Accountants Call for Charity Income Tax Exemptions
2 April 2001 at 1:04 pm
A major accounting firm with a long and active history of involvement in the Not for Profit sector has told the Charities Inquiry that it would be simpler to exempt all NFPs from income Tax.
Kimberly Smith Partners says the current interpretation of the types of organisations that fall into the category of ‘charities’ is too restrictive.
Principal, Kimberly Smith in his submission to the inquiry says the income tax exemption would be simpler, provided the definition of ‘non profit’ follows the one proposed in a Policy Paper recently issued by CPA Australia.
The CPA Paper reads: “not-for-profit entity” means any entity in respect of which there is an absence of defined ownership interests that can be sold, transferred, or redeemed, or that convey entitlement to a share of a distribution of resources, including a residual distribution on liquidation of the entity.”
Kimberly Smith says the exemption proposal strengthens a fundamental principle of taxation in Australia – namely that only ‘profits’ should be subject to income tax. A Not for Profit entity may have a surplus, but never a ‘profit’ or return on investment to its ‘owners’.
Smith says this proposal would save the government millions in costs of litigation, by departing from existing narrow definitions and broadening taxation concessions to all Not for Profit organisations;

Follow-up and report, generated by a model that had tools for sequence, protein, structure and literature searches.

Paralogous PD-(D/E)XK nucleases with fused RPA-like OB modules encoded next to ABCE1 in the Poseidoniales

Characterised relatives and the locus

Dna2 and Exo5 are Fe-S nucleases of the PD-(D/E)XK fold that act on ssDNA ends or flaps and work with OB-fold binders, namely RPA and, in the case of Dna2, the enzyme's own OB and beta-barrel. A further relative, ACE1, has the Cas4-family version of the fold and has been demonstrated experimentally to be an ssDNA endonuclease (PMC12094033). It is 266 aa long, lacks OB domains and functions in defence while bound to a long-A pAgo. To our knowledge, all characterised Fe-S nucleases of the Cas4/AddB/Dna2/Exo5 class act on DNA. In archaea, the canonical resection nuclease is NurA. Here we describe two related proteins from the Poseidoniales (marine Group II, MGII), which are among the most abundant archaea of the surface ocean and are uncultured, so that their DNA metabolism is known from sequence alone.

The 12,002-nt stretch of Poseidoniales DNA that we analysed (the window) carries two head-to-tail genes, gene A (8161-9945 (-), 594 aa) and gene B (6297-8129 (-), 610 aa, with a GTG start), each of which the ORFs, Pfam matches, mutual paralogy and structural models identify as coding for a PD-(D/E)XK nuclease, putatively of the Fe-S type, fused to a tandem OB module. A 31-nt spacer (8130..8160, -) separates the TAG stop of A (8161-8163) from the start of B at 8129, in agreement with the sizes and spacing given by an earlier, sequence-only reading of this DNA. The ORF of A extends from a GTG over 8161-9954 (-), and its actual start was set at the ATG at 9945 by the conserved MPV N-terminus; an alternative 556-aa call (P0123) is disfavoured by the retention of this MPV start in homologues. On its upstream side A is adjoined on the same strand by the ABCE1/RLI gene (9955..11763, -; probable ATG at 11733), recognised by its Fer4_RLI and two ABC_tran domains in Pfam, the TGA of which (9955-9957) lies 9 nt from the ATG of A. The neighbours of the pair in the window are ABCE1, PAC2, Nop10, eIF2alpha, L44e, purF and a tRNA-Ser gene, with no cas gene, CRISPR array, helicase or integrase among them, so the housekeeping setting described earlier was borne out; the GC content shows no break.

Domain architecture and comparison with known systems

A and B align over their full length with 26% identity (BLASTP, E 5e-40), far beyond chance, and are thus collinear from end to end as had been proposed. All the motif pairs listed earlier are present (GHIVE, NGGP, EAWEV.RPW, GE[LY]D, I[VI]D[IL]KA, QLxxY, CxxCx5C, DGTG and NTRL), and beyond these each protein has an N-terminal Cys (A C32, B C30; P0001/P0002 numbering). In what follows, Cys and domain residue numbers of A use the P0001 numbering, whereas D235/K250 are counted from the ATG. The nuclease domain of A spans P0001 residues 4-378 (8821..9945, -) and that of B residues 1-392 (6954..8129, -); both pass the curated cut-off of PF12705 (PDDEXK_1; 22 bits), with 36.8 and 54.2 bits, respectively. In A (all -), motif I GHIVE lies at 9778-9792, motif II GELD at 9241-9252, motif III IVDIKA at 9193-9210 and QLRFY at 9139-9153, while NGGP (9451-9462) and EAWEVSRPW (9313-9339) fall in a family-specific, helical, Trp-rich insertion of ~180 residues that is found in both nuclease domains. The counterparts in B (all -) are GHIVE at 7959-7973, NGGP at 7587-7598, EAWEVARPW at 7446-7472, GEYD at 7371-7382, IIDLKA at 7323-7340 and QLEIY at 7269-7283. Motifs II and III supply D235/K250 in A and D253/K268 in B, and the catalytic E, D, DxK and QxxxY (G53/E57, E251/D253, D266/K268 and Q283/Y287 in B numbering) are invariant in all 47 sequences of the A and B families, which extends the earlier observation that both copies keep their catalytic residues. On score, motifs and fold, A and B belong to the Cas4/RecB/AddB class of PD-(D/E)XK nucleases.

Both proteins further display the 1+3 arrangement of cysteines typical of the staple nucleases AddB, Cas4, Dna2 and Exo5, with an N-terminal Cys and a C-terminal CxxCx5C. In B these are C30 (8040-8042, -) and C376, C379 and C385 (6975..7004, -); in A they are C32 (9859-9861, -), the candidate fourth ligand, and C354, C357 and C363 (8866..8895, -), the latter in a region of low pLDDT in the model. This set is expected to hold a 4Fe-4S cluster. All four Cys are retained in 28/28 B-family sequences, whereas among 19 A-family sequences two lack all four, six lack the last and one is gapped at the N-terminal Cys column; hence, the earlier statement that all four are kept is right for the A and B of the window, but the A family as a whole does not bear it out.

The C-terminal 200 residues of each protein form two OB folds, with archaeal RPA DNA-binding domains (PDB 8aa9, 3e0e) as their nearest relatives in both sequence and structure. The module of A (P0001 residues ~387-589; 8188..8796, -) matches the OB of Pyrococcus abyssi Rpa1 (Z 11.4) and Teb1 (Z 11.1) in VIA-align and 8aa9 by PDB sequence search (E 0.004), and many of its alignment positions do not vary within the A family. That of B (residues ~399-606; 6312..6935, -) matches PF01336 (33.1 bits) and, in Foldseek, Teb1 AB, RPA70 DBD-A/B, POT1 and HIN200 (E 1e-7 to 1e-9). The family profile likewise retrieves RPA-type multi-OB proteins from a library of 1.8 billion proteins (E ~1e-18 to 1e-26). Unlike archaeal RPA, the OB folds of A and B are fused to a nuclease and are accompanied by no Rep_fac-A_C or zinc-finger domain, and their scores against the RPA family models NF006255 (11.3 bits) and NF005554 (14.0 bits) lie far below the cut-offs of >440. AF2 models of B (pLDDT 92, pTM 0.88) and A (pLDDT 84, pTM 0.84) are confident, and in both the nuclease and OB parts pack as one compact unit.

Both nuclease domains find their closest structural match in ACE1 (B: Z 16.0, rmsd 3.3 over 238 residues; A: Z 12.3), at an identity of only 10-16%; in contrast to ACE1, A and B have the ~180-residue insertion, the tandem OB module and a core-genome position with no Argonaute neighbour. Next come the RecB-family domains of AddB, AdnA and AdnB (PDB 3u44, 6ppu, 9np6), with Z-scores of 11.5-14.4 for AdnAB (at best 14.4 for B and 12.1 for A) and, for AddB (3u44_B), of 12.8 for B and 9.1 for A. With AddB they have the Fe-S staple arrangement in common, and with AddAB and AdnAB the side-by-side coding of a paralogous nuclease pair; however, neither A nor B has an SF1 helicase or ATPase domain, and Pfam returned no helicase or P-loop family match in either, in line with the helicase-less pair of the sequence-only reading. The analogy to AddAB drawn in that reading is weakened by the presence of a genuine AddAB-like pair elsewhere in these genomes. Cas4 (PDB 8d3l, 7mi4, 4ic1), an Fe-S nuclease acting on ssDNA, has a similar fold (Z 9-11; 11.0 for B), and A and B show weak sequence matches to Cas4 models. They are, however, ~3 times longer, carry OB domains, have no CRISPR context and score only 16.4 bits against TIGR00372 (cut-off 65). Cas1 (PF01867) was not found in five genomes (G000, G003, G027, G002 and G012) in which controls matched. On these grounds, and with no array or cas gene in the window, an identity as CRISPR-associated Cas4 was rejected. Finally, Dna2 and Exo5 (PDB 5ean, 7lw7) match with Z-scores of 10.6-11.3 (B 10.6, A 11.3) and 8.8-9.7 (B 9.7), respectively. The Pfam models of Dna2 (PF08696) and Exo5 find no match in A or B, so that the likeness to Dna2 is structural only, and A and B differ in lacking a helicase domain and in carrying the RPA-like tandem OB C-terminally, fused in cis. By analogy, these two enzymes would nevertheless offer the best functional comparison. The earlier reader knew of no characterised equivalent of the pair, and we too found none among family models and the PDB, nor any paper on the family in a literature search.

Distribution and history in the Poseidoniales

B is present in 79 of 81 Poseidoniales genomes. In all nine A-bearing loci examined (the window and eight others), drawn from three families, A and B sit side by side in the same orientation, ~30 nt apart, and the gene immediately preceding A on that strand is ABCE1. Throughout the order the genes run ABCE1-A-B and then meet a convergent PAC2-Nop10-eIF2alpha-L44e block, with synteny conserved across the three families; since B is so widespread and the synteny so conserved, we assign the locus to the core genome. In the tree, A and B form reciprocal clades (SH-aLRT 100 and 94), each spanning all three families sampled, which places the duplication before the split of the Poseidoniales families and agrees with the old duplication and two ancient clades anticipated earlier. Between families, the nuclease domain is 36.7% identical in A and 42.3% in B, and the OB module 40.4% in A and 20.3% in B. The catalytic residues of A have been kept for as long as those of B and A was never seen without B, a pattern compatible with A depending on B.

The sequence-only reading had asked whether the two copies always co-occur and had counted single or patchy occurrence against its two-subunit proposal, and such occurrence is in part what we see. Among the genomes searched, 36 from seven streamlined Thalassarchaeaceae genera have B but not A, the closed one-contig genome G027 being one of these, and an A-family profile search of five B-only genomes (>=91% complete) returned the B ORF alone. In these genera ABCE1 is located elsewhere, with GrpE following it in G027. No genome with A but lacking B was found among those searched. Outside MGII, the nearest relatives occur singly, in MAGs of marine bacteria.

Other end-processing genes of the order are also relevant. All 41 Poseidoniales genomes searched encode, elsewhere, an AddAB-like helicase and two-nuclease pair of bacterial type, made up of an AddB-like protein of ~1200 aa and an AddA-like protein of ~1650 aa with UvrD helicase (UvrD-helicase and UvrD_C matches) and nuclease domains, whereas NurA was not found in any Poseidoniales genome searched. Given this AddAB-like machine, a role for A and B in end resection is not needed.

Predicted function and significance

However he says unrelated business income in Not for Profit organisations in Australia should be subject to income tax, such as profits arising from significant trading activities. Australia is one of the few countries in the developed world where charity ‘businesses’ can operate completely tax-free.
Kimberly Smith Partners has a long history of pro bono work within the Not for Profit sector. Partners and staff serve as board members, honorary treasurers and financial advisers to a large number of charitable and community organisations.
The firm’s submission to the Charities Inquiry says their advice on technical matters such as Taxation and Corporations Law Compliance is highly regarded within the charities sector.
In December 2001 the Institute of Chartered Accountants in Australia completed a survey into the way charitable organisations present their annual financial reports and found the need for a major overhaul.
A review of 56 Victorian organisations focusing on the clarity, consistency and appropriateness of the information presented in their Annual Reports found widespread inconsistencies. The issue received widespread mainstream media attention.
What’s your opinion in the light of this submission to the Charities Inquiry? Let us know and post your opinion on our web site forum at probonoaustralia.com.au